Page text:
But everything’s about to change when the hard-nosed tycoon and New York mayoral candidate Will Stacks (Jamie Foxx) – advised by his brilliant VP, Grace (Rose Byrne) and his shrewd and scheming campaign advisor, Guy (Bobby Cannavale) – makes a thinly-veiled campaign move and takes her in. Stacks believes he’s her guardian angel, but Annie’s self-assured nature and bright, sun-will-come-out-tomorrow outlook on life just might mean it’s the other way around. Can you say "fatherhood story"?!

Director/Producer/Screenwriter Will Gluck teams with producers James Lassiter, Jada Pinkett Smith & Will Smith, Caleeb Pinkett, Shawn "JAY Z" Carter, Laurence "Jay" Brown, Tyran "Ty Ty" Smith with a modern telling that captures the magic of the classic characters and original show that won seven Tony Awards.

Get a Sneak Peek of Annie!

Watch the official trailer for Annie.


Read Today for a Brighter Tomorrow

"Read Today for a Brighter Tomorrow" was inspired by the upcoming film Annie. The reading program is perfect for mom, dad and child as it encourages you to read together and has a family reading activity -- Great Books Bring Families Together! The site also has reading tips for parents.

As part of the reading program, Sony has created free Annie Activity Books, bookmarks, stickers and folded posters that we can give to fatherhood organizations—just email me at rsanders@fatherhood.org if you're interested. 

If you would like to participate in the "Read Today for a Brighter Tomorrow" program, there are lots of free educational materials at http://www.scholastic.com/annie/. The program:

  • Focuses on the need for diverse books, providing lesson plans and librarian-created reading lists.
  • Provides fun opportunities for kids and/or families to create Reading Journal Scrapbooks.
  • Offers free downloadable coloring pages under "Annie's Corner".

Also, if you, the fatherhood leader, would like to create a fun Annie Karoake Event, there is a free Annie Karoake App which can be downloaded from the App store!

The Father Factor Blog

Stay tuned to the blog, I'll write about the insights I gained from watching this family classic soon.

Follow Annie

Find more information at www.fatherhood.org/annie

When Dad's in Jail: How Team Dad is Helping Tennessee Families

For hundreds of families around East Tennessee, it's tough when dad's in jail. The sad thing is, it can be tougher once dad's out of jail. What are we doing to help dads be ready to be good dads once released? Hiliary Magacs shows us one program in Cocke County, Tennessee that's working to rehabilitate dads from the inside out.

team_dad_logo

Hiliary Magacs (@wvlthilary) reporting for WVLT Local 8 News on a program in East Tennessee called Team Dad who is helping fathers in jail be ready to father once released.

The Sheriff's Office has partnered with Team Dad to help men find housing and jobs, so they can be the kind of dads their kids need them to be. The program is offered in connection with the Douglas-Cherokee Economic Authority, Inc. and serves men in six East Tennessee counties: Hamblen, Cocke, Grainger, Jefferson, Sevier & Monroe.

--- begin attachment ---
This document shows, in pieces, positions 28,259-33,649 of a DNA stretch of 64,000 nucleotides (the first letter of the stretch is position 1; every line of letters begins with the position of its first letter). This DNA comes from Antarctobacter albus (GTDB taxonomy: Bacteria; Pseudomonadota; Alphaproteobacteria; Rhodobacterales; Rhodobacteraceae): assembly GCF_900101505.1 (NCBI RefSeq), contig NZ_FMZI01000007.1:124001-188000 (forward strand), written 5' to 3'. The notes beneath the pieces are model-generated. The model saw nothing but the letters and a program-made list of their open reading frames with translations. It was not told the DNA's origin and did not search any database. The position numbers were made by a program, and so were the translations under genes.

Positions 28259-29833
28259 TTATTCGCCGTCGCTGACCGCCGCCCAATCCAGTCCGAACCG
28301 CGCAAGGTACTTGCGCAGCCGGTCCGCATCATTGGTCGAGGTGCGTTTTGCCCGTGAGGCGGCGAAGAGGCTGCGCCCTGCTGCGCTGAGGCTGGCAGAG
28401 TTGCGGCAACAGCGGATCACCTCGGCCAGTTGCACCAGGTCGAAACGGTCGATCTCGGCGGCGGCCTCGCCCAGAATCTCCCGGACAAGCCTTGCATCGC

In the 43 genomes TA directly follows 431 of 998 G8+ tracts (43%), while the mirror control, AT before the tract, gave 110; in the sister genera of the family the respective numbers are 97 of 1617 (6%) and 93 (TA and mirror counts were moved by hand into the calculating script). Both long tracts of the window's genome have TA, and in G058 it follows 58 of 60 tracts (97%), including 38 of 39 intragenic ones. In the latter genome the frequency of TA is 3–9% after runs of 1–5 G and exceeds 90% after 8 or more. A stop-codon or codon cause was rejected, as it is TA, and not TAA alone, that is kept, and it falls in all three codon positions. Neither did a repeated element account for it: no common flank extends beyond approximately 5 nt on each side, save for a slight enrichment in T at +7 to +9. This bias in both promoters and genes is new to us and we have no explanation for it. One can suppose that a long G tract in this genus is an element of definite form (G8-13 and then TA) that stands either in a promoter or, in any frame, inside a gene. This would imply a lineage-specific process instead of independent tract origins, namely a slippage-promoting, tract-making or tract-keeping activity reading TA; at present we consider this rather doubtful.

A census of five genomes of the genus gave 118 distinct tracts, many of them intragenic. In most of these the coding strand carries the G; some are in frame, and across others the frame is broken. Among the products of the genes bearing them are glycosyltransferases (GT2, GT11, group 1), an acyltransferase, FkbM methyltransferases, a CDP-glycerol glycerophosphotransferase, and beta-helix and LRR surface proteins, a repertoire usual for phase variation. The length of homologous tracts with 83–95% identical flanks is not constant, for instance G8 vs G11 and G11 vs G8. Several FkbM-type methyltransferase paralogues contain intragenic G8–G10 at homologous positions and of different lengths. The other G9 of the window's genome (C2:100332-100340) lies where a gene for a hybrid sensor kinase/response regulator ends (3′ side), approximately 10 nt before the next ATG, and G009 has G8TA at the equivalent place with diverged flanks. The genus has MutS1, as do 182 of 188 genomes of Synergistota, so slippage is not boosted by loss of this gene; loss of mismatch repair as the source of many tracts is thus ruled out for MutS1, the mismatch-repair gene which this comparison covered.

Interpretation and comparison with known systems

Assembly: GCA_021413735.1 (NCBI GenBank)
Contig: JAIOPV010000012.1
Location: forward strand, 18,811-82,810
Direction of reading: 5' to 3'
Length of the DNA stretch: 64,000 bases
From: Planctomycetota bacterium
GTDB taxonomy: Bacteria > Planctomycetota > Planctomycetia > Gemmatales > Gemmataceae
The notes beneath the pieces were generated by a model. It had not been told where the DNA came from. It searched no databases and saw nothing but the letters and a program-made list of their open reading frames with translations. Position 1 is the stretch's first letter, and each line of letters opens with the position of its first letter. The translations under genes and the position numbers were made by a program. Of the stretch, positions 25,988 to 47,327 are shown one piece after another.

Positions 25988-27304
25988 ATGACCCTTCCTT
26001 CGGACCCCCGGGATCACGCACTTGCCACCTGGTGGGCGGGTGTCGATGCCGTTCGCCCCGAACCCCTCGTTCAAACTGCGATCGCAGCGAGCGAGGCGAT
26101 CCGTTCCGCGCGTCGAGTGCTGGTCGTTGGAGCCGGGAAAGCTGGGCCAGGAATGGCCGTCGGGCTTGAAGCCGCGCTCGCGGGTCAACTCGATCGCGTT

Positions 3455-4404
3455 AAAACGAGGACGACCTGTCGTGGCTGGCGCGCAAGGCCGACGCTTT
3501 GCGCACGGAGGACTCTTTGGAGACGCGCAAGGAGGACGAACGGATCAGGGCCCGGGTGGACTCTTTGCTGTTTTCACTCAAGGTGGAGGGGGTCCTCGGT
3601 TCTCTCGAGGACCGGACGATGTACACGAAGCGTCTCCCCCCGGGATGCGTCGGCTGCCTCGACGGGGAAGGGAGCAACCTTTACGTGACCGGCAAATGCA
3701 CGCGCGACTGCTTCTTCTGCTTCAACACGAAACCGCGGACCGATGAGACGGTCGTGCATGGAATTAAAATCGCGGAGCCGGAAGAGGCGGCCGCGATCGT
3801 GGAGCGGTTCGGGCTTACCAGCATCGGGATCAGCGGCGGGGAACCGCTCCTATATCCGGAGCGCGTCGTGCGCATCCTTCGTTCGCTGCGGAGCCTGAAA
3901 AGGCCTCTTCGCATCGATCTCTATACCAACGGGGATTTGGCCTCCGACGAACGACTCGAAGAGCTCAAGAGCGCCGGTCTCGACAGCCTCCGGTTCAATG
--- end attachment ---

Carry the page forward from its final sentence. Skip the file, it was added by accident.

Travis Stewart is serving time for burglary and theft. He has a 12 year old son. Watch the video and you will hear Travis say what he's learning from NFI's InsideOut Dad® program. He says, "It's something I need to do to learn how to be responsible for my child and lead by example. The things I do reflects on his image."

Case managers for the program use workbooks, movies and discussions to help men learn how to communicate with their kids and the mothers of their children. "A lot of men close down and don't want to talk about feelings or their problems to other people...but when they're in here, they really do open up and talk about the issues they've had..." says Desiree Drinnon (Case Manager).

Learning to open up and talk about the issues is vital for Drew Whitlock, who is working to be the father his kids need. "I've got two girls one 16 and one 13...their mother overdosed beside me in the bed last year and I'm just trying to pick up the pieces," says Drew Whitlock (Participant in the InsideOut Dad® Program).

Besides parenting skills, Team Dad helps men in other ways, like connecting them with legal services for custody problems. The program also helps the men update their resumes and find jobs when they get out of jail. "We can put in a good word to the employers for the guys so they can get a chance to have an open door and start working again..." says Sam Escobales (Outreach Worker).

"The thing with most inmates is when they come in, they don't have nothing afterwards, you know, you can go back to the streets or you can try to find help..." says Craig Campbell. The help doesn't stop when the men walk out of the program. The dads can rely on Team Dad for as long as they need to. "Every class I tell them, now if you get out and your electric bill needs to be paid don't go kick in your neighbors door and steal their TV to sell for your electric bill. Come call me and we'll find someplace to help you..." says, Desiree Drinnon (Case Manager).

Recent graduates of the program say it's helped them a lot. For instance, Cody Moon (program graduate) says, "It's taught me better ways to budget my money for my kids and take care my kids and is teaching me better ways to treat the mother of my children."

Travis Shaver has learned when it comes to his children, "...you have to be there to provide for them, show them love and affection...it's the small things is what it is."

Sheriff Armando Fontes (Cocke County Sheriff's Office) is proud of how Team Dad has created stronger families in the community. He says, "It's called positive reinforcement, we help give them skills and abilities that they can take back home with them to better their lives and to better take care of their children."